By James Duffy, sports editor
After a sophomore campaign in which he posted a team-high 20 goals, Northeastern left winger Nolan Stevens was selected 125th overall in the 2016 NHL Draft by the St. Louis Blues. Stevens enjoyed a breakout season with the Huskies, and his impressive play earned him the fifth-round draft selection. Stevens was one of 61 NCAA players selected in the draft, and he was the 37th college player taken.
After being drafted, Stevens went to St. Louis for the Blues development camp where he skated and practiced with other team prospects, but will be back in red and black when the Huskies open their season in October. After returning from his first taste of life as a draftee at camp, Stevens shared some of his experiences with The News.
The Huntington News: Can you walk us through what it was like finding out that you had been drafted?
Nolan Stevens: Yeah, it was a pretty neat experience. It was my third time through the draft, so it was kind of disbelief that I was finally going to be drafted, and once I got the call it was very special. [Editor’s note: Stevens was draft eligible in 2014 and 2015, but went undrafted] I was hanging out with my family. To have someone believe in you feels pretty good, so that was special for me.
HN: What can you say about the organization that drafted you, the St. Louis Blues?
NS: Obviously a very prestigious organization–they’re always a contender for the Stanley Cup in the past few years. I got the opportunity to meet their staff at development camp, and I feel honored to be a part of such a great organization like that. I’m really excited just being in their system now.
HN: You mentioned development camp. What was that like?
NS: That was a great experience as well, just having a chance to meet all the guys. I’ve been to development camps in the past, but I guess being there as a draft pick is kind of different. You feel more a part of the organization than when I was there as a camp invite, so to speak. It was a different experience for me, and it was fun meeting all the guys and the coaching staff and learning from the coaches and other players.
HN: How has your time at Northeastern helped you become who you are today?
NS: It’s been huge. I spent a couple of years trying to figure out what I was as a hockey player again and finding my game. The coaching staff really helped me get my confidence back and define who I am as player. They’ve been huge in getting me back on track and becoming the player I want to be.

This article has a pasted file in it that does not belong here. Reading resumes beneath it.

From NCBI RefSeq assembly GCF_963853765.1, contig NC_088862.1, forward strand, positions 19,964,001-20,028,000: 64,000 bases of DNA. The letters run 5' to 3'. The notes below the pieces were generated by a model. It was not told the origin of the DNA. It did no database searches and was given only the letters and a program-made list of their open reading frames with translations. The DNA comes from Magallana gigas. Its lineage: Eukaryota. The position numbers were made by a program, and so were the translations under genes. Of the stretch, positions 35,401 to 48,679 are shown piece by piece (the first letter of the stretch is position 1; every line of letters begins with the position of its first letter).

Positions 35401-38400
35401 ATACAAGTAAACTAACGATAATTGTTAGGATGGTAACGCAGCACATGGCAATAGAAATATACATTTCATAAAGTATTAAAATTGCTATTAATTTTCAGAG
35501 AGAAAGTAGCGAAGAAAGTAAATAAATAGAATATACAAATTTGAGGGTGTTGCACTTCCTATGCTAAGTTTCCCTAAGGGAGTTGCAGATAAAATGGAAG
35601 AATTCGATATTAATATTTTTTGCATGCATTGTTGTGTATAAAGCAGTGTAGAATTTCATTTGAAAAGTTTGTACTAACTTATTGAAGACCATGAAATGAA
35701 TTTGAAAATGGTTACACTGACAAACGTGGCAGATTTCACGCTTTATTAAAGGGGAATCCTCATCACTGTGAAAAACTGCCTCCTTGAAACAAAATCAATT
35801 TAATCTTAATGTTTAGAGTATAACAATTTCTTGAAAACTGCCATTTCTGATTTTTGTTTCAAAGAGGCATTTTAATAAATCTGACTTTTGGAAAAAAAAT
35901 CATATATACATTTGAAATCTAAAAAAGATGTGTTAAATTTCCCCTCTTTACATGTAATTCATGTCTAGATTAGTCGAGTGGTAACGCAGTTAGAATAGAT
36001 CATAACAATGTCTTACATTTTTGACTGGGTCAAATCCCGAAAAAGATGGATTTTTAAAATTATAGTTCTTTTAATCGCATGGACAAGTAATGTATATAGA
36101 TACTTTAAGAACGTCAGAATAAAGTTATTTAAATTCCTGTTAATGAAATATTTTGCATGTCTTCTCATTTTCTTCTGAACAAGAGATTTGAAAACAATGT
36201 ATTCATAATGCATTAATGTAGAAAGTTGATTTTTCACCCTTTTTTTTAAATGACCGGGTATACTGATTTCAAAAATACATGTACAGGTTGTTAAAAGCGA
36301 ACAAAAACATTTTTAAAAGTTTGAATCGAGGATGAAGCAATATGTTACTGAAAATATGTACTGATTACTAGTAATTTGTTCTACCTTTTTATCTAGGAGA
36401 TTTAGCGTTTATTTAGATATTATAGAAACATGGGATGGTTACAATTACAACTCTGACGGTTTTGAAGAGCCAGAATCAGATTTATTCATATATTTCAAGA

HN: Did you do anything different this season to create the success that you had?
NS: I think it started in the summer. Me and my brother [Northeastern forward John Stevens] broke down tape and focused on how to produce more offensively. I just found myself this year hanging in the scoring areas a lot more and being ready to score as opposed to being surprised when I get the puck. It’s kind of a mindset going into games that I wanted to score and I wanted to make things happen offensively.
HN: How did the experiences in the Hockey East and NCAA Tournaments shape you as a player?
NS: Those are always great experiences to learn from. Personally, I love those kind of opportunities to compete at that high level against other top talent in the league, to go head-to-head where you need to prove yourself. Those kind of opportunities teach you how to play on the big stages. We played in the [TD] Garden and in the national tournament against North Dakota. Those kind of stages really give you a lot of experience.
HN: Going into your junior year, what does the future hold for you?
NS: I think we, as a team, have a lot more to prove in this league. I think we took a really big step forward in making a name for Northeastern, but I think there’s a lot more to be done for Northeastern hockey. I’m really excited for this year. I think we have an awesome team. I think we can build even more on the success we had this year and there’s a lot more potential, so I’m excited for what the season holds. We’re trying to win more championships–that’s the first thing.
HN: Do you model your game after any NHL players?
NS: When I was a center I used to love watching Los Angeles’ Anze Kopitar, how he plays a 200-foot game. Now I’ve moved to wing so I focus on watching Chicago’s Marian Hossa, just how he plays on both ends of the ice, how hard he plays, how he’s effective everywhere, so I try to be like him when I play.
Photo courtesy Jim Pierce, Northeastern Athletics.